I first sampled this unusual dish at a traditional inn in Wajima, a city at the tip of the Noto Peninsula, which juts dramatically out into the Sea of Japan. Wajima is known for its exquisite lacquerware, and many of the plates used in serving the meal that day were lacquered wood.
But this grand bubbling pot was quite different. A huge sturdy ceramic bowl was brought to the table, filled with lightly grilled miniature sand dabs, slivers of daikon radish, bunches of bright green nanohana (a vegetable resembling broccoli rabe), and a scattering of brightly colored edible flowers in a miso-thickened broth. The chef proceeded to bury white-hot rocks in the broth, and immediately the stew began to bubble! Not only was the dish spectacular to behold, but the melding of flavors and textures was truly memorable.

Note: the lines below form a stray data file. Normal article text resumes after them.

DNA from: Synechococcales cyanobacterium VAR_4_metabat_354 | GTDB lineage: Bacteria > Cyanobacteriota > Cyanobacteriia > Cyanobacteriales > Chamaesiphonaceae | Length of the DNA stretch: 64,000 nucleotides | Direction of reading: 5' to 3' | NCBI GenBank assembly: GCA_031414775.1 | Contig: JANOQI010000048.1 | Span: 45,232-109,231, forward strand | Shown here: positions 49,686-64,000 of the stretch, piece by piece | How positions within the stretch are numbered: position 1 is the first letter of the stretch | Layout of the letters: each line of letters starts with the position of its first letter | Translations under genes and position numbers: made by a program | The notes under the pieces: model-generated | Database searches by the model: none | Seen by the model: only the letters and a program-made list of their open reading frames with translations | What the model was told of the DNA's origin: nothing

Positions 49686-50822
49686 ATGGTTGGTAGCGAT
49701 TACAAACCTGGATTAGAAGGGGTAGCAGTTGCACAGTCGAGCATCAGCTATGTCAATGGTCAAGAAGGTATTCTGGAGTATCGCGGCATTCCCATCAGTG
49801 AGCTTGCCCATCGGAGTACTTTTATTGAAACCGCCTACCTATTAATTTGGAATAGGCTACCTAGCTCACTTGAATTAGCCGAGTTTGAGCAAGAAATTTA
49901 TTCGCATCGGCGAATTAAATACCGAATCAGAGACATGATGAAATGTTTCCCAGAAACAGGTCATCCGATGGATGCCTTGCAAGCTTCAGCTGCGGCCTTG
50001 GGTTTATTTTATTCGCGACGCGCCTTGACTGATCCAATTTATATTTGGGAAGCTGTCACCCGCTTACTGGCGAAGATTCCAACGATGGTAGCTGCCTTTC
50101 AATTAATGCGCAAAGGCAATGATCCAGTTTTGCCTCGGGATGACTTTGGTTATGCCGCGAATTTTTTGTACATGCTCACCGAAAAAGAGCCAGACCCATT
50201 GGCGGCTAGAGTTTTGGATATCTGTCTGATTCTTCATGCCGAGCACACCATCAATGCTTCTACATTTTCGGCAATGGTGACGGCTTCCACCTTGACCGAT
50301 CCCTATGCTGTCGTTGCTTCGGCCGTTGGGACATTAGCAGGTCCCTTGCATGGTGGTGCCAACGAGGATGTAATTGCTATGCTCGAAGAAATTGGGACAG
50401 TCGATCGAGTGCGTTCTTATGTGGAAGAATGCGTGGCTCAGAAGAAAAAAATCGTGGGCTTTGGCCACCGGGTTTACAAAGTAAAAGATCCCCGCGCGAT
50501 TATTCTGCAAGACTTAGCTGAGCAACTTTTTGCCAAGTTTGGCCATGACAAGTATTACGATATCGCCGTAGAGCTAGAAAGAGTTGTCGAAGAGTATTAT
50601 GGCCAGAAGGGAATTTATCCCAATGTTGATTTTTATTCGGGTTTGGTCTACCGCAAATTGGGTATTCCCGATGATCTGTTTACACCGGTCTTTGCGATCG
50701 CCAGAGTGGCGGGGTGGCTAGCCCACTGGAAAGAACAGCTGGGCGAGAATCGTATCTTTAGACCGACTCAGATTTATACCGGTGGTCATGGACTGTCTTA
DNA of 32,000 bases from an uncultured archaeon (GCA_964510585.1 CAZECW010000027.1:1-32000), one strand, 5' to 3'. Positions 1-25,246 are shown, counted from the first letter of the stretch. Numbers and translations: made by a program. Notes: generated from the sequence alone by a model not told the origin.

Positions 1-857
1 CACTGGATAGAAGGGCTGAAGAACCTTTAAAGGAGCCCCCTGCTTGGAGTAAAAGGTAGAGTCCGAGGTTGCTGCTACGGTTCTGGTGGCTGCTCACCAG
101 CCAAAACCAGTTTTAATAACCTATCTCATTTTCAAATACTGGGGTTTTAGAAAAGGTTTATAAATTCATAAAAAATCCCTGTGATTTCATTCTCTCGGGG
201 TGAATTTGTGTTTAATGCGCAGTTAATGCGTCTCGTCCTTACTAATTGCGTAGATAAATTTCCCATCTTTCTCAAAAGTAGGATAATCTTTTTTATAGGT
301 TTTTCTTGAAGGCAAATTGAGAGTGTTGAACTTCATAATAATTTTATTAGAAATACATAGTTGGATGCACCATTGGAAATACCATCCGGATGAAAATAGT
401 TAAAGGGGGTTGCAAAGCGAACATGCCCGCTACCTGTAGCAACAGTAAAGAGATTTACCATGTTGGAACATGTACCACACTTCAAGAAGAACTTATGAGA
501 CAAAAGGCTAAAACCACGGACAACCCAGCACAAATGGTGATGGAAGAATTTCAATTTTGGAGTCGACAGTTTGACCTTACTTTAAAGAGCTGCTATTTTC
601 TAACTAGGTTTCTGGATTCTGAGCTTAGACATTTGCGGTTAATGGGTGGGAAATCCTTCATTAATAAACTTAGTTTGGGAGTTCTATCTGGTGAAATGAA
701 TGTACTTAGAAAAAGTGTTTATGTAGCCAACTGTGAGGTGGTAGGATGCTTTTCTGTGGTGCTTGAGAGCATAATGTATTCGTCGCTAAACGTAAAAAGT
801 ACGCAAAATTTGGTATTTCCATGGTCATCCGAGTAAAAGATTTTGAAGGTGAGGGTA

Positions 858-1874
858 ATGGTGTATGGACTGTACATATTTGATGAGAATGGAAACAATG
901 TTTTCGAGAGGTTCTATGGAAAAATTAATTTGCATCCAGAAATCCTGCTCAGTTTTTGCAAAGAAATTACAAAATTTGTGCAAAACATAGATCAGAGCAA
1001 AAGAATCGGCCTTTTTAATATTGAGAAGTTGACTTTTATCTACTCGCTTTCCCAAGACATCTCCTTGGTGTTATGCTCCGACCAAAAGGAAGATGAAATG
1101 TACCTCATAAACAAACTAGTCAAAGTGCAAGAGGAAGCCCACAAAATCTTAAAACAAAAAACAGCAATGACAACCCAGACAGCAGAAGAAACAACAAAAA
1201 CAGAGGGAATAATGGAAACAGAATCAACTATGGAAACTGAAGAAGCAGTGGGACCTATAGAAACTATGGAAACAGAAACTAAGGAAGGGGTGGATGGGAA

© 1988 Elizabeth Andoh. All rights reserved.